If your WordPress website has ever been hacked, you know there is a lot of cleaning up to do after cleaning up the database, files and of course spiced up your security, right?

In many cases, the hackers use the hacked website to inject spammy URLs containing pharmaceutical or other content on your website. Perhaps even more malicious code, but that’s for another post another day.

One thing is cleaning up the hack, removing all the bad code and securing your website for future attacks. But what about the spammy URLs?

Fortunately, it is quite easy to make 301 redirects in WordPress – the manual way by editing the .htaccess file or the redirect feature in the WordPress SEO plugin by Yoast – Check out our comparison between Yoast and AIO SEO Pack.

I use the excellent Redirection plugin by John Godley at urbangiraffe.com when I need to handle redirects. I have used it for years, it’s easy to use, stable and flexible.

Hand holding a 404 error on a piece of paper
404 errors can effect your SEO rankings

The problem is when you have been hacked and have thousands of bad URLs you want to redirect, it is a hassle to do manually.

So, I decided to create a solution that automatically redirects 404 to 301 pages, and even cleans up the unused ones.

There are several ways this can be implemented, but for me, I just edited the 404.php page in my theme.

This means the first time a visitor (or robot) visits the URL, the 404 page is presented, as well as a 404 HTTP status. On any future visits to that URL, a 301 redirect is sent to the URL of your choice. Easy, right?

The first time a visitor goes to  /buy-pills-of-some-kind.html :

A 404 page is presented, and the code below creates a redirect that is then handled by the Redirection plugin in the future.

Second (and following) visits /buy-pills-of-some-kind.html :

A 301 redirect to the URL of your choice.

Voila 🙂

When you make 404 redirects to the front page you create what are called “soft 404” – The best way to redirect missing content would be to redirect the content to another related page instead of the front page of your website.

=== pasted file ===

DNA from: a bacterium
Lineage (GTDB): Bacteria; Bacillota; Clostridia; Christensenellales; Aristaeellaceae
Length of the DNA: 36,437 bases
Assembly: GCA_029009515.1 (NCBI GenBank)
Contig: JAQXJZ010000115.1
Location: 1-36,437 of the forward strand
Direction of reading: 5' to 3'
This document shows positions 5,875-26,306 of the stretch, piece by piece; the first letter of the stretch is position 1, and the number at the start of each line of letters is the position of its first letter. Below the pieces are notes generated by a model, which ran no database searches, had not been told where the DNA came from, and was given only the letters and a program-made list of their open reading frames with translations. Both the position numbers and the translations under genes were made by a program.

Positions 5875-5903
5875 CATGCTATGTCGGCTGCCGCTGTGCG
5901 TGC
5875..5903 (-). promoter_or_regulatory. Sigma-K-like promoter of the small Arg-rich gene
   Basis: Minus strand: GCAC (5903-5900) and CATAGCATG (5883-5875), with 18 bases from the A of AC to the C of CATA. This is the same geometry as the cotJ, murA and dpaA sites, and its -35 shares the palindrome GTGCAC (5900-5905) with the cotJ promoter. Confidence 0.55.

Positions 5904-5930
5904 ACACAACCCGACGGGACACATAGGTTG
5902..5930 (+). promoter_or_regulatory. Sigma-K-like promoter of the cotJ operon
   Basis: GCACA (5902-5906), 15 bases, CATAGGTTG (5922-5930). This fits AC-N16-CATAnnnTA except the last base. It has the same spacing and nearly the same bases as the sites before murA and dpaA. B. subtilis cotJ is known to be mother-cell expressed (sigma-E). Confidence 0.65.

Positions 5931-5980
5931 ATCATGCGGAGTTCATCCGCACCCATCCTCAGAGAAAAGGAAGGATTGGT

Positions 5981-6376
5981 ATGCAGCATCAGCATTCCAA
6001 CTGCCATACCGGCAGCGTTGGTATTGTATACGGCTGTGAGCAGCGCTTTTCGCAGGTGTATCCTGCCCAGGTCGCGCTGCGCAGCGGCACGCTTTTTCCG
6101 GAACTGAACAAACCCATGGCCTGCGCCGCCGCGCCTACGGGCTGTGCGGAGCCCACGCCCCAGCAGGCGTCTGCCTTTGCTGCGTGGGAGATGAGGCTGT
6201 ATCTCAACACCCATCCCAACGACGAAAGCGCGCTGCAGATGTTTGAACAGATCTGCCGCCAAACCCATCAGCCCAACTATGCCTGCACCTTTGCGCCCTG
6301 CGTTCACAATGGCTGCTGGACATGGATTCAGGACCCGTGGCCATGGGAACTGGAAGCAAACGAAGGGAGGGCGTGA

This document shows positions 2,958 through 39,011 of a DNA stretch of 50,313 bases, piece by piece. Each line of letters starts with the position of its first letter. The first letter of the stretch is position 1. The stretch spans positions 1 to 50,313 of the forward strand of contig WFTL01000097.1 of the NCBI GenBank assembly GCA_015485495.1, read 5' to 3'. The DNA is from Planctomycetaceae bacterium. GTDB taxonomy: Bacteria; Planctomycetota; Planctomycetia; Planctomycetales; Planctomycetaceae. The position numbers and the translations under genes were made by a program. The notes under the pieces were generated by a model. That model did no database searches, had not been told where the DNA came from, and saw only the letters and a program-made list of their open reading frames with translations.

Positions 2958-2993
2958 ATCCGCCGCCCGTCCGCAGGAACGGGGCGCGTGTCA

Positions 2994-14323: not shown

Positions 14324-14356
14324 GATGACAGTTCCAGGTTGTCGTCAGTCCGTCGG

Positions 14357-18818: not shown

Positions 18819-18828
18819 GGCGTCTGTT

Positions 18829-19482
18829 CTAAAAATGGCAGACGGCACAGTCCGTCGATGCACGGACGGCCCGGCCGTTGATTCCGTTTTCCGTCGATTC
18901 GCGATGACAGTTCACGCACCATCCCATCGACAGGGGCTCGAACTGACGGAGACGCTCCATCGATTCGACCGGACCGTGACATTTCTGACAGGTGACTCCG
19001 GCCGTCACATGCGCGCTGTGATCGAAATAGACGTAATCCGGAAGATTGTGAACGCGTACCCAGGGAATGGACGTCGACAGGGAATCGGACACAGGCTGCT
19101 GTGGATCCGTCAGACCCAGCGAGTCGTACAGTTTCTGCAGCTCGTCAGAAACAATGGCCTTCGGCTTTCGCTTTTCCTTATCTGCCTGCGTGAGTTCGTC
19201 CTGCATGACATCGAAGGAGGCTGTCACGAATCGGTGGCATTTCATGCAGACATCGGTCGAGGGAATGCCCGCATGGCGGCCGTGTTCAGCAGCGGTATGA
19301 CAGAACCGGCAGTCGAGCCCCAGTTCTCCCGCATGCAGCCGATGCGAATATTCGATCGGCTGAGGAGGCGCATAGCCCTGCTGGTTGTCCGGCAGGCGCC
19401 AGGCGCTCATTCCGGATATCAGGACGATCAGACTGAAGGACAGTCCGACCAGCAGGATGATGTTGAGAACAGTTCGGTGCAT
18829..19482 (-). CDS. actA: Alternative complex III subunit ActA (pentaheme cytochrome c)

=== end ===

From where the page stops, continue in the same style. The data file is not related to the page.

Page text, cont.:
Warning: The following code can mess up your website if you do not know how to use it or understand the consequences. Please, be careful 🙂

Enough with the disclaimer, here is the code. If you do not have a 404.php file in your WordPress theme, create it.

The code is not pretty right now. Feel free to update as you see fit 🙂 Perhaps I will one day improve it when I have more time.

Crucial technical detail: The Redirection plugin runs and handles redirects before the 404.php template is called.

Under normal circumstances, I would have had to create a ton of redirects manually for the spammy URLs. By using this code the redirects were created automatically.

A few technical notes

Notice the last_count column? The ones that have “0”, means the redirect has been created, but no subsequent visits made (yet) to that URL.

The ones with “1” mean the page has been accessed twice. The first time just creates the redirect and presents a normal 404 page. The second time the redirect kicks in, and the “last_count” is updated.

All of this is handled by the Redirection plugin… Thank you, John, for the great plugin 🙂

Cleaning up old redirects

As you can imagine, there can quickly be a lot of redirects filling up in your database. The Redirection plugin monitors not only the number of redirects but also when the redirect was last accessed.

This means we can create a small piece of code that checks and deletes all redirects more than x days old.

I think 21 days (3 weeks) is a reasonable amount of time. The code below checks if there are any redirects that have not been accessed/used in more than 21 days, and then just remove them.

Let me repeat: Be very careful when you implement this. If you mess up you can set up redirect loops that prevent you and your visitors from accessing your website completely.

If you should be so unlucky to create a redirect loop, you fix the problem by using PHPMyadmin or similar tool to access your database. Look for the table normally called “wp_redirection_items” (the wp_ part might differ).

The redirects are in there. You can locate the faulty redirect(s) here and remove them, restoring your website.


How to do 301 redirect videos

Here are a few videos that might help you if you want to just deal with regular redirects in WordPress

or perhaps this one that uses the redirects feature in the SEO plugin by Yoast.